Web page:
Huntsman and his pack disperse a corn field before running the culverts in search of a scent

The names for Washington’s hounds alone—Sweet Lips, Venus, Drunkard, and Truelove—suggest a special rapport between man and beast, but George was also known to personally attend his pack, particularly when the canines suffered common diseases and infections. He applied medicinal ointments himself.

Several incidents across the course of his life suggest that Washington was an animal lover. One peculiar episode after the Battle of Germantown comes shining through. Whereas, many of the legends  of Washington’s wartime chivalry are hard to nail down, this one isn’t: Alexander Hamilton precisely scribbled the events in a note as they unfolded. Among other things, it is also a cautionary reminder to collar your pet.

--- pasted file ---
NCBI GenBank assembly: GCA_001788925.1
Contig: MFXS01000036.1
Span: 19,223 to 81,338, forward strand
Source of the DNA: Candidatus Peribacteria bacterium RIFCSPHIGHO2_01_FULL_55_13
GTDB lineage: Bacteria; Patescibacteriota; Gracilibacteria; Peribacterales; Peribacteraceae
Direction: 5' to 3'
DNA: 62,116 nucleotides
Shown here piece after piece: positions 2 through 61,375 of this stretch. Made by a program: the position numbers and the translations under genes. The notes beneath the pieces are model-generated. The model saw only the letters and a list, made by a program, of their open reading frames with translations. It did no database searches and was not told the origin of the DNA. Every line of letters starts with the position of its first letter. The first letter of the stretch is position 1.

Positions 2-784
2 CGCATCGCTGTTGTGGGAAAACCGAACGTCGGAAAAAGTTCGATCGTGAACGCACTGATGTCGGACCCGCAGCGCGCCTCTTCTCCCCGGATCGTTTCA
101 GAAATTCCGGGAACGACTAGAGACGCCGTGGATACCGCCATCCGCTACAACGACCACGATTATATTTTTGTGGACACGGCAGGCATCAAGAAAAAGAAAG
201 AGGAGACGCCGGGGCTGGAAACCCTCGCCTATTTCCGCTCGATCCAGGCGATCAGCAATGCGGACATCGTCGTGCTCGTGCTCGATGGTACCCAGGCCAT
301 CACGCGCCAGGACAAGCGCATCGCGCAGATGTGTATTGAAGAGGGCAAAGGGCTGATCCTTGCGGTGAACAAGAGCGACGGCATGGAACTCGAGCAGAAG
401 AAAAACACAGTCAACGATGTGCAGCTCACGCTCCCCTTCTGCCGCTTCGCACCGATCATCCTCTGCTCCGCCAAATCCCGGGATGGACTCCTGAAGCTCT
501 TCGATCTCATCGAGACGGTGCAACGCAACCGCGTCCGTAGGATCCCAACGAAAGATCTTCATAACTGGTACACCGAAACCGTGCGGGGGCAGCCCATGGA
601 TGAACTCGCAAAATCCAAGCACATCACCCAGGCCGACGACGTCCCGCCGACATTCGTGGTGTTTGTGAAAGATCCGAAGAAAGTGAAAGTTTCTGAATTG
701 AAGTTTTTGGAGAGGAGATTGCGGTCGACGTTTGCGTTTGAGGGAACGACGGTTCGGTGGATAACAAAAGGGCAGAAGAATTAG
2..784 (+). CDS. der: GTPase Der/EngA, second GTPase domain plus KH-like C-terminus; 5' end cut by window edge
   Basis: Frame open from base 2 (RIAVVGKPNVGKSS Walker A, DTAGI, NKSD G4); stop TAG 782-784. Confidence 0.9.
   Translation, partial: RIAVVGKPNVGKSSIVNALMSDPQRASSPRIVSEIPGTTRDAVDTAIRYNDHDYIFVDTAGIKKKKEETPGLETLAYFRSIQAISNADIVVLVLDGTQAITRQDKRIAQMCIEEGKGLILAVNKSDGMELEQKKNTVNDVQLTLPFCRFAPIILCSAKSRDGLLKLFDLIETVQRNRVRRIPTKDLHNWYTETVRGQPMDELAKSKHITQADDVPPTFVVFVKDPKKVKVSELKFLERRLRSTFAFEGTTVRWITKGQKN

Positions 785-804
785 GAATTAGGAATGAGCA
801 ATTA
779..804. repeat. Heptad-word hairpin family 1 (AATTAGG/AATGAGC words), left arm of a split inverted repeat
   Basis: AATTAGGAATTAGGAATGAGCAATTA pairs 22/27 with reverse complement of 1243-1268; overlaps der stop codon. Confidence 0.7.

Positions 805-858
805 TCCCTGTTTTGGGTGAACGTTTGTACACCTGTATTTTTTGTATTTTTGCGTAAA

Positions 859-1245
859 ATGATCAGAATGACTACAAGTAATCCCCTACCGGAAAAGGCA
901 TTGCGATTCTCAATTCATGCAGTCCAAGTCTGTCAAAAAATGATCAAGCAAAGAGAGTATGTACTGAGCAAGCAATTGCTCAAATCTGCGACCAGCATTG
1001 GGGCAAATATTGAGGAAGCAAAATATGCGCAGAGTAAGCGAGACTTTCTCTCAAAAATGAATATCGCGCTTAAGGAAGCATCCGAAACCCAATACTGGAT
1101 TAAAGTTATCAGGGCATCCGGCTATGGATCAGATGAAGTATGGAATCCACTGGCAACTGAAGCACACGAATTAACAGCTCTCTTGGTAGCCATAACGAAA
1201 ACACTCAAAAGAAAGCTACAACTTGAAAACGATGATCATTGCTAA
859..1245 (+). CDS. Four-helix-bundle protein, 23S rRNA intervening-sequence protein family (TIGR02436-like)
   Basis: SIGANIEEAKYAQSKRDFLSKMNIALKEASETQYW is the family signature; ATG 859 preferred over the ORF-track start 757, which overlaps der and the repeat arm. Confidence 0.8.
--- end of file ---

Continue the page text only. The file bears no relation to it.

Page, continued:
In the wake of George’s defeat at foggy Germantown, a small dog—of an unknown breed—scampered across front lines, lost and unable to find its way home. Soldiers from the Continental Army  took it into their custody, considered briefly holding it hostage, but eventually put the fate of the lost dog in the hands of their commander in chief. George quickly consulted with Hamilton and had him write, “General Washington’s compliments to General [William] Howe, does himself the pleasure to return him a Dog, which accidentally fell into his hands, and by the inscription on the Collar appears to belong to General Howe.”  About ninety minutes into our hunt, the four of us had managed to divide ourselves from the rest of the hunt. We stood slightly bewildered near a fallen log and listened for the cry of the hounds. Nothing. Then came a long, torpid moan, which I thought might be a howl. “That’s a cow,” laughed Julie. We were lost but having fun.